Operation Milagro IV - Vaquita Porpoise Defense Campaign

November 2017 marks Sea Shepherd’s return to Mexico’s Gulf of California for Operation Milagro IV to save the near-extinct vaquita porpoise.

This is Sea Shepherd’s fourth consecutive year in the Gulf and the most crucial one yet for the vaquita. The latest official numbers of this species dropped to less than 30, half the amount previously recorded in 2015. With such statistics, the vaquita is now the most endangered marine mammal in the world.

The smallest of all the porpoises, the vaquita is also endemic to the Gulf of California (aka The Sea of Cortez) and if action to protect it is not taken and enforced now, it risks joining such animals that have gone extinct in the last century as the West African Black Rhinoceros, the Caribbean Monk Seal and the Javan Tiger.

Unfortunately, threats to the vaquita are entirely caused by human greed, despite a designated vaquita refuge created in the upper Gulf to protect them. Fisherman – illegal poachers often working in conjunction with drug traffickers – are laying down illegal gillnets hoping to catch another fish similar in size: the totoaba. This critically endangered bass is prized for its swim bladder which is sold on the black market in China and Hong Kong for tens of thousands of dollars, earning it the nickname “aquatic cocaine.”  As the vaquita swim in the refuge, they become entangled in these nets and are unable to reach the surface of the water, causing them to drown. The fate of this very shy and elusive porpoise is inextricably tied to the fate of the totoaba.

As a direct-action organization, Sea Shepherd is working in partnership with the Mexican government on Operation Milagro IV to protect the vaquita refuge. Sea Shepherd ships, the M/V Farley Mowat and the M/V John Paul DeJoria, will be stationed in the Gulf of California beginning in the fall of 2017, working to remove gillnets, patrol for poachers, document and collect data to share with the scientific community, and report all suspicious activity to the Navy who will make arrests as needed.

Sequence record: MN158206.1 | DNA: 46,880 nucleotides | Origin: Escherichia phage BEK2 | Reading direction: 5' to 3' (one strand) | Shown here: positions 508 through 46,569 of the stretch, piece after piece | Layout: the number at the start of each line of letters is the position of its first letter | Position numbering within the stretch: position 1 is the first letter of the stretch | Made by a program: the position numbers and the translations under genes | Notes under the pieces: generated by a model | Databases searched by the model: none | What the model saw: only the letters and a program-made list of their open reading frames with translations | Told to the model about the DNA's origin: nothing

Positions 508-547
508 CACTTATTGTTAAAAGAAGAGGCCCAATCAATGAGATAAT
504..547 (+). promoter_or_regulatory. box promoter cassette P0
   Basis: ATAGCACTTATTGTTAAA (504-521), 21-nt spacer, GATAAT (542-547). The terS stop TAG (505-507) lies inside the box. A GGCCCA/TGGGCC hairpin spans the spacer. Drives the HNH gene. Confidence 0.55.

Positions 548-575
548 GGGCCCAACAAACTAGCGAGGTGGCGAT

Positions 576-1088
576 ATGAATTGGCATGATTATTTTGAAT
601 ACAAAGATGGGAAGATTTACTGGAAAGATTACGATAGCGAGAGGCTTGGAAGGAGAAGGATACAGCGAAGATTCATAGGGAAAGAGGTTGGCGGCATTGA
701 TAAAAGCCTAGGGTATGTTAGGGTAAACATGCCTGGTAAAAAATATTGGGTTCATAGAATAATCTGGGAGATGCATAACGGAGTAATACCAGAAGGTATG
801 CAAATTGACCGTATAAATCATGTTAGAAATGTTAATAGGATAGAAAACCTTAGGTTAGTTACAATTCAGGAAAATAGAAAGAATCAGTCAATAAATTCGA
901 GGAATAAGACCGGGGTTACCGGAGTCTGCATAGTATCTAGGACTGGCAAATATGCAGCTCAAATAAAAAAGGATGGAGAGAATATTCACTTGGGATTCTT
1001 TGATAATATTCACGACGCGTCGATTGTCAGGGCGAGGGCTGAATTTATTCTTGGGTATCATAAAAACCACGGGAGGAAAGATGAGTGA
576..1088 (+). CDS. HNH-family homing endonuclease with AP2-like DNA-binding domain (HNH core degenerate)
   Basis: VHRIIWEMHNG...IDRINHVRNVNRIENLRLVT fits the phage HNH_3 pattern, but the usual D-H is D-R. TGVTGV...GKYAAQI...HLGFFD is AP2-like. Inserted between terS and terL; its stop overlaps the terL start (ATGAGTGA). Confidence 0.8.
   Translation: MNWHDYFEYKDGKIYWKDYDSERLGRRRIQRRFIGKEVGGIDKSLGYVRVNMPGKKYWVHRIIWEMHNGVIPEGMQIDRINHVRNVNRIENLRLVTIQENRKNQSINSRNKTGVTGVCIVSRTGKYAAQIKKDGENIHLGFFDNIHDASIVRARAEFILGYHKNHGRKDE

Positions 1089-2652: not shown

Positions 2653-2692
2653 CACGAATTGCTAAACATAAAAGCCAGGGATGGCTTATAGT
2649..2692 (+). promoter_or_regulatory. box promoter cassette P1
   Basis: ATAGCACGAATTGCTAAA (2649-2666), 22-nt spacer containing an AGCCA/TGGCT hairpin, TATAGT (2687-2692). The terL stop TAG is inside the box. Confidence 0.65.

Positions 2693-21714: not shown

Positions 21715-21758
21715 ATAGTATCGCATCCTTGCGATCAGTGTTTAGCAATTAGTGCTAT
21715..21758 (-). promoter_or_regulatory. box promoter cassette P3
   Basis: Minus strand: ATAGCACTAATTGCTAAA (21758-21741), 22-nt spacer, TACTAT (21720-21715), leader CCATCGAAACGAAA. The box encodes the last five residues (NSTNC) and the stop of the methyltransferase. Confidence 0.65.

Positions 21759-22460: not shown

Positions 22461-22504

Over the past three years, Sea Shepherd made a lot of progress in the Gulf of California. During Operation Milagro III alone, Sea Shepherd removed 233 illegal fishing gear, 1195 entangled dead animals - including sharks, dolphins, whales, turtles and sea lions – and released 795 live ones. Five dead vaquita were discovered by Sea Shepherd during this campaign, their deaths attributed to being caught in gillnets set up by poachers.

Milagro means “miracle” in Spanish and that is exactly what this shy and elusive porpoise will need in order to come back from the brink.  Keeping the refuge free from gillnets and poachers is the only way keep the waters safe for the vaquita so it can thrive and get its population numbers back up.  

Aquatic extinction happens silently, with a species absence as the evidence. Sea Shepherd is determined to not let this happen to the vaquita by returning to the upper Gulf and continuing our work. You can do your part in keeping the vaquita alive, safe and free by donating to Operation Milagro IV.  

Vaquita porpoises. Photo: Paula Olson/NOAAVaquita porpoises. Photo: Paula Olson/NOAA

Gillnets are the biggest threat to the vaquita